FRequently asked questions

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 Is bottled water regulated like other food and beverages?

Bottled water is a packaged food product comprehensively regulated by the U.S. Food and Drug Administration (FDA), which has established health-based standards of quality that are as stringent and protective of public health as those for public drinking water administered by the U.S Environmental Protection Agency (EPA). Failure to meet those standards can result in enforcement action by FDA or recall of the bottled water product from the marketplace.


How much water should a person drink each day?

As with most everything there is no standard answer or amount perfect for everyone. In 2004 The National Academy of Sciences (NAS) published a report that concluded for adequate daily intake of water for men is just slightly over 125 ounces and for women that amount is slightly over 91 ounces. Since that report those amounts have been cut in half by various health officials. Today most people regard the rule of thumb as 8 eight ounce glasses of water per day, regardless of adult age or sex. About a half gallon per day. Another good practice is to not wait until you feel thirsty to consume water. That means you are already dehydrated.


How often is bottled water tested for contamination?

Bottled water facilities test multiple times per day and in conformance with their respective EPA and FDA regulatory requirements for minimum test frequencies. Bottled water is tested for total coliform bacteria at least twice as often as tap water. In some cases, bottled water is tested up to 36 times more often than tap water on a gallon-for-gallon basis.


Is most bottled water just tap water in a bottle?

It is important to note that purified bottled water is not just tap water in a bottle. Once the municipal source water enters the bottled water plant several processes are employed to ensure that it meets the purified or sterile standard of the U.S. Pharmacopeia 23rd Revision. These treatments can include ozonation, reverse osmosis, distillation, or de-ionization. The finished water product is then placed in a bottle under sanitary conditions and sold to the consumer.


How many steps of filtration does Dakota Splash utilize?

Dakota Splash implements a six step filtration process. Learn more here: https://dakotasplash.com/filtration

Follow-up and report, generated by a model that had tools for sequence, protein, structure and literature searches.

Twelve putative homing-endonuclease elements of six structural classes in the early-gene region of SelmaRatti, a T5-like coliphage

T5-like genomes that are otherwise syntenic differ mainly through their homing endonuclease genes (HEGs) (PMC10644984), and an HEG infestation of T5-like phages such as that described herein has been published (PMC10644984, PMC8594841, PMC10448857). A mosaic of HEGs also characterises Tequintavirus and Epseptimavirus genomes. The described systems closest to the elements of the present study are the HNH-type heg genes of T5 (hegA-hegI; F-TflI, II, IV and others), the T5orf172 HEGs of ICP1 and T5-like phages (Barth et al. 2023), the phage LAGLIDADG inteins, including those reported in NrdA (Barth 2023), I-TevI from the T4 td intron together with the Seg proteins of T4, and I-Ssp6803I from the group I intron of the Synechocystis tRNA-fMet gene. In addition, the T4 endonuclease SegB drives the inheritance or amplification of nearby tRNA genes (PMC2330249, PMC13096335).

What about recycling of water containers?

All bottled water containers are 100% recyclable whether plastic or glass. Data derived from EPA figures demonstrates that plastic water bottles make up less than one-third of one percent of the U.S. waste stream

  • PET plastics are 100% recyclable
  • More than 90% of U.S. households have access to curbside and drop off recycling programs
  • Of all the plastics produced in the United States, PET plastic bottled water packaging makes up only 0.92% -- less than one percent
  • Producing new products from rPET uses two-thirds less energy than required to make products from raw virgin materials. It also reduces greenhouse gas emissions
  • Recycled plastic bottles can be made into new bottles or items such as plastic lumber for outdoor decking, playground equipment, carpeting, clothing, and car parts
  • Recycling a single plastic bottle can conserve enough energy to light a 60-watt light bulb for up to six hours


Is it true that bottled water isn’t as regulated as tap water?

By federal law, the FDA regulations governing the safety and quality of bottled water must be as stringent as the EPA regulations which govern tap water. To suggest in any way that bottled water is less stringently regulated than tap water is simply not true.


Does the bottled water industry take water from people in other parts of the world who need it?

About 98.5% of all bottled water sold in the United States is sourced domestically.  The existence of a bottled water industry in the United States has no impact on the availability of drinking water in, or the public service infrastructure of, any other country.


How is it best to store bottled water?

Bottled water and other beverages are packaged in sanitary and highly protective, sealed plastic containers that maintain the quality and freshness of the product. However, plastic containers – whether used for bottled water or other beverages – are slightly permeable, which may allow ambient air gases such as vapors from household solvents, petroleum-based fuels and other chemicals, to affect the taste and odor of your beverage so it is recommended to store bottled water away from said items.


What is the shelf life of bottled water?

Currently no state requires an expiration date on bottled water. When water (bottled water or tap water) is exposed to extended periods of direct sunlight or heat sources, algae or mold may infrequently develop. But when stored in a cool, dry, unexposed place unopened, bottled water can last for years.